Latent variable methods for ordinal data

# Latent variable methods for ordinal data - 12 Latent...

This preview shows pages 1–3. Sign up to view the full content.

12 Latent variable methods for ordinal data Many datasets include variables whose distributions cannot be represented by the normal, binomial or Poisson distributions we have studied thus far. For example, distributions of common survey variables such as age, education level and income generally cannot be accurately described by any of the above- mentioned sampling models. Additionally, such variables are often binned into ordered categories, the number of which may vary from survey to survey. In such situations, interest often lies not in the scale of each individual variable, but rather in the associations between the variables: Is the relationship be- tween two variables positive, negative or zero? What happens if we “account” for a third variable? For normally distributed data these types of questions can be addressed with the multivariate normal and linear regression models of Chapters 7 and 9. In this chapter we extend these models to situations where the data are not normal, by expressing non-normal random variables as functions of unobserved, “latent” normally distributed random variables. Multivariate normal and linear regression models then can be applied to the latent data. 12.1 Ordered probit regression and the rank likelihood Suppose we are interested in describing the relationship between the edu- cational attainment and number of children of individuals in a population. Additionally, we might suspect that an individual’s educational attainment may be influenced by their parent’s education level. The 1994 General Social Survey provides data on variables DEG, CHILD and PDEG for a sample of individuals in the United States, where DEG i indicates the highest degree obtained by individual i , CHILD i is their number of children and PDEG i is the binary indicator of whether or not either parent of i obtained a college degree. Using these data, we might be tempted to investigate the relationship between the variables with a linear regression model: P.D. Hoff, A First Course in Bayesian Statistical Methods , Springer Texts in Statistics, DOI 10.1007/978-0-387-92407-6 12, c Springer Science+Business Media, LLC 2009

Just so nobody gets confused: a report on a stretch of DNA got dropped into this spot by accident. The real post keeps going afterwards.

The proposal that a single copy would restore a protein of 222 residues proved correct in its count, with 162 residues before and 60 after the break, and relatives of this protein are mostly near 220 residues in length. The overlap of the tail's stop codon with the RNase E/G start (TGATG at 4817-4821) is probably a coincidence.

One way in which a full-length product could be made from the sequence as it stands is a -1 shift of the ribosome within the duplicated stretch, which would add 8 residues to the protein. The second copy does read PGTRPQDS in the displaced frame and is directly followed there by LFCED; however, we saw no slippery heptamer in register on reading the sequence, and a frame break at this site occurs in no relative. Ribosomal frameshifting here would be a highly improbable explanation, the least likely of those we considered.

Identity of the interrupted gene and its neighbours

This preview has intentionally blurred sections. Sign up to view the full version.

View Full Document
210 12 Latent variable methods for ordinal data DEG i = β 1 + β 2 × CHILD i + β 3 × PDEG i + β 4 × CHILD i × PDEG i + i , where we assume that 1 , . . . , n i.i.d. normal(0 , σ 2 ). However, such a model would be inappropriate for a couple of reasons. Empirical distributions of DEG and CHILD for a sample of 1,002 males in the 1994 workforce are shown in Figure 12.1. The value of DEG is recorded as taking a value in { 1 , 2 , 3 , 4 , 5 } corresponding to the highest degree of the respondent being no degree, high school degree, associate’s degree, bachelor’s degree, or graduate degree. 0.0 0.1 0.2 0.3 0.4 0.5 DEG probability 1 2 3 4 5 0.00 0.10 0.20 0.30 CHILD probability 0 1 2 3 4 5 6 7 8 Fig. 12.1. Two ordinal variables having non-normal distributions.
This is the end of the preview. Sign up to access the rest of the document.

{[ snackBarMessage ]}

### What students are saying

• As a current student on this bumpy collegiate pathway, I stumbled upon Course Hero, where I can find study resources for nearly all my courses, get online help from tutors 24/7, and even share my old projects, papers, and lecture notes with other students.

Kiran Temple University Fox School of Business ‘17, Course Hero Intern

• I cannot even describe how much Course Hero helped me this summer. It’s truly become something I can always rely on and help me. In the end, I was not only able to survive summer classes, but I was able to thrive thanks to Course Hero.

Dana University of Pennsylvania ‘17, Course Hero Intern

• The ability to access any university’s resources through Course Hero proved invaluable in my case. I was behind on Tulane coursework and actually used UCLA’s materials to help me move forward and get everything together on time.

Jill Tulane University ‘16, Course Hero Intern